Increases in permeability of natural reservoirs and aquifers by passing seismic waves have been well documented. If the physical causes of this phenomenon can be understood, technological applications would be possible for controlling the flow in hydrologic systems or enhancing production from oil reservoirs. The explanation of the dynamically increased mobility of underground fluids must lie at the pore level. The natural fluids can be viewed as two-phase systems, composed of water as the wetting phase and of dispersed non-wetting globules of gas or organic fluids, flowing through tortuous constricted channels. Capillary forces prevent free motion of the suspended non-wetting droplets, which tend to become immobilized in capillary constrictions. The capillary entrapment significantly reduces macroscopic permeability. In a controlled experiment with a constricted capillary channel, we immobilize the suspended ganglia and test the model of capillary entrapment: it agrees precisely with the experiment. We then demonstrate by direct optical pore-level observation that the vibrations applied to the wall of the channel liberate the trapped ganglia if a predictable critical acceleration is reached. When the droplet begins to progressively advance, the permeability is restored. The mobilizing acceleration in the elastic wave, needed to “unplug” an immobile flow, is theoretically calculated within a factor of 1–5 of the experimental value. Overcoming the capillary entrapment in porous channels is hypothesized to be one of the principal pore-scale mechanisms by which natural permeabilities are enhanced by the passage of elastic waves.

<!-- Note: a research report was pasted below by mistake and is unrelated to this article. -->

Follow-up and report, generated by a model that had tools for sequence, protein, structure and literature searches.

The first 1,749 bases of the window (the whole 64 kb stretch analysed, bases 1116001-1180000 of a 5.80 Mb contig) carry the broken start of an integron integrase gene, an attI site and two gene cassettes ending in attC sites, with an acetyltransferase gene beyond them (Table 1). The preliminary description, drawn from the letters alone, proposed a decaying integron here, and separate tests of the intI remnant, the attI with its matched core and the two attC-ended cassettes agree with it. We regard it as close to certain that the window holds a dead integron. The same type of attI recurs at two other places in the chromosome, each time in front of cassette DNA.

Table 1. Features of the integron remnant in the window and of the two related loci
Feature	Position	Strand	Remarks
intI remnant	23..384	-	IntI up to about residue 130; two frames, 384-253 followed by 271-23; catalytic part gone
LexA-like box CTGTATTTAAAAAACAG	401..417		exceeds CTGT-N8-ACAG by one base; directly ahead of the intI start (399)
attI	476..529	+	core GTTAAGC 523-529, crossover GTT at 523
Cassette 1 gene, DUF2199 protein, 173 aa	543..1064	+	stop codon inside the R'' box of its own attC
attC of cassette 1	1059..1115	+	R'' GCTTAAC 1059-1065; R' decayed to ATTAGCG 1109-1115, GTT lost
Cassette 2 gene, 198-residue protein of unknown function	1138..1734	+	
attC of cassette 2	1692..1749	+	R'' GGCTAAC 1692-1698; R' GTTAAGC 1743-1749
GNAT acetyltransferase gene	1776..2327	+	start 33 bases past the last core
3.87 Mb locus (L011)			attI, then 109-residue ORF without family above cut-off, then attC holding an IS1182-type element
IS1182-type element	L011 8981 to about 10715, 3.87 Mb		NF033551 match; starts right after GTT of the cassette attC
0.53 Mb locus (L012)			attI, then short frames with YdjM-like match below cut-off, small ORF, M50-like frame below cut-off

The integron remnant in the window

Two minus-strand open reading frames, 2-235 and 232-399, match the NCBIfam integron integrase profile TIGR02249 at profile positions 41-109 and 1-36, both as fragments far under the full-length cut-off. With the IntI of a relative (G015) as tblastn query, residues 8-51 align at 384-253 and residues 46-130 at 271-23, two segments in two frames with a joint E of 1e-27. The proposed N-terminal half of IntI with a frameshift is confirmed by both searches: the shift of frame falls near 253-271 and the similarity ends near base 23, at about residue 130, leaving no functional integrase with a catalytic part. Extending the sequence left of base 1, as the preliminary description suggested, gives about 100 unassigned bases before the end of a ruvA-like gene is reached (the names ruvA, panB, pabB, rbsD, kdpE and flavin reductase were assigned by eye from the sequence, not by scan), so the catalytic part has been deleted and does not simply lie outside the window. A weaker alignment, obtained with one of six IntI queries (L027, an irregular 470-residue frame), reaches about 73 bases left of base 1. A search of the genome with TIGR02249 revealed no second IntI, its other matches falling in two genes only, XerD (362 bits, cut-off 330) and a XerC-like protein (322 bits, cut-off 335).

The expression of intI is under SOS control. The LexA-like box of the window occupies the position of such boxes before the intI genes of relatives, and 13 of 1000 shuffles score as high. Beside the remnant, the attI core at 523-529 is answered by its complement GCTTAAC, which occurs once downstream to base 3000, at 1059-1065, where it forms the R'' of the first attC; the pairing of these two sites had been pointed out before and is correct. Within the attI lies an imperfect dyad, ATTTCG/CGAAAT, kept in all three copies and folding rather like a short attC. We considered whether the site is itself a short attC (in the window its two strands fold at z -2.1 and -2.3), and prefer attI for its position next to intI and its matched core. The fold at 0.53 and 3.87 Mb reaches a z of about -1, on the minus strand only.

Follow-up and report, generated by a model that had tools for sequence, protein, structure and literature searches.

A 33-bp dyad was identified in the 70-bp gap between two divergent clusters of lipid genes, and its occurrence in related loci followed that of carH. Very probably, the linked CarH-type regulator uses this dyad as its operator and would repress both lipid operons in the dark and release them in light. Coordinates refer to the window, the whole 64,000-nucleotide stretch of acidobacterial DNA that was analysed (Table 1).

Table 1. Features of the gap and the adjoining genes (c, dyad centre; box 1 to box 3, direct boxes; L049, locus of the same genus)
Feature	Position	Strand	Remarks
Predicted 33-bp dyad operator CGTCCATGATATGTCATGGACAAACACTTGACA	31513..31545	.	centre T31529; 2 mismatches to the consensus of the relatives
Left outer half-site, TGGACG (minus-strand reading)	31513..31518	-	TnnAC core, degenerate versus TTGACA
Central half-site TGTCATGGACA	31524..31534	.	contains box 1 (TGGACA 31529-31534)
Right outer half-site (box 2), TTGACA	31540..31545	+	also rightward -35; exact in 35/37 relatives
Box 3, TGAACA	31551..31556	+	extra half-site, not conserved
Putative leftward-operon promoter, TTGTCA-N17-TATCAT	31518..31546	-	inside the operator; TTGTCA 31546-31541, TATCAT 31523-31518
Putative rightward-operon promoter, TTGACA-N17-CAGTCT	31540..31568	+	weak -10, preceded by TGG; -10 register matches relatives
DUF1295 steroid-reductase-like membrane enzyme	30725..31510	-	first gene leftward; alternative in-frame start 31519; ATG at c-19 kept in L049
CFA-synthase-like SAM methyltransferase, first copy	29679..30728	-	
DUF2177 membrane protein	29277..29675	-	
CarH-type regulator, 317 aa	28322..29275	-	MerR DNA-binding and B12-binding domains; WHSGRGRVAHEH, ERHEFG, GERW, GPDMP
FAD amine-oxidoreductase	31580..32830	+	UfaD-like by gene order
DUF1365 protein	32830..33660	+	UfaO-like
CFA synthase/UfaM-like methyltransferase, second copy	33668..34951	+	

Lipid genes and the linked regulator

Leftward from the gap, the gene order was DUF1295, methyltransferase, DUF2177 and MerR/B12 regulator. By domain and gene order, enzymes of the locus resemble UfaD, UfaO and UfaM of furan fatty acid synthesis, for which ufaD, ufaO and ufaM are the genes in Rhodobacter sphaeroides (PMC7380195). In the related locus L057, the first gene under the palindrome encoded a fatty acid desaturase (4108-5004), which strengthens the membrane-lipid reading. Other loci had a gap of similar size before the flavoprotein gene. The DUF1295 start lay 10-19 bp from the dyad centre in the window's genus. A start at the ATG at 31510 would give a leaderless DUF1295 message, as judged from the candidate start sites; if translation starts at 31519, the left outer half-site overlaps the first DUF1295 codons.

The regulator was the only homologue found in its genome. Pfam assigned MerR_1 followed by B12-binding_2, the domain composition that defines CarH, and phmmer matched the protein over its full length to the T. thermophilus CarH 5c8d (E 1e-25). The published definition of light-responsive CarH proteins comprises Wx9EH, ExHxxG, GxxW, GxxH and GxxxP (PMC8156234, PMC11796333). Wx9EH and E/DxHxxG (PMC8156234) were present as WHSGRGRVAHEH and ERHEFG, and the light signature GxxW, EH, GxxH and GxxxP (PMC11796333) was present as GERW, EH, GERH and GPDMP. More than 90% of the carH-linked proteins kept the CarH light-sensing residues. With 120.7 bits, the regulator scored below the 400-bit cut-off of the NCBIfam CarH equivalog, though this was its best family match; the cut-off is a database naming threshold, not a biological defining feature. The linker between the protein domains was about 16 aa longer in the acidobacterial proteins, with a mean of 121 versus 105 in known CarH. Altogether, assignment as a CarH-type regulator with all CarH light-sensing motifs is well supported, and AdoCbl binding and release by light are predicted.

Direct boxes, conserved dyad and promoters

- Geological and Atmospheric Sciences
Available at: http://works.bepress.com/r_dennis_vigil/3/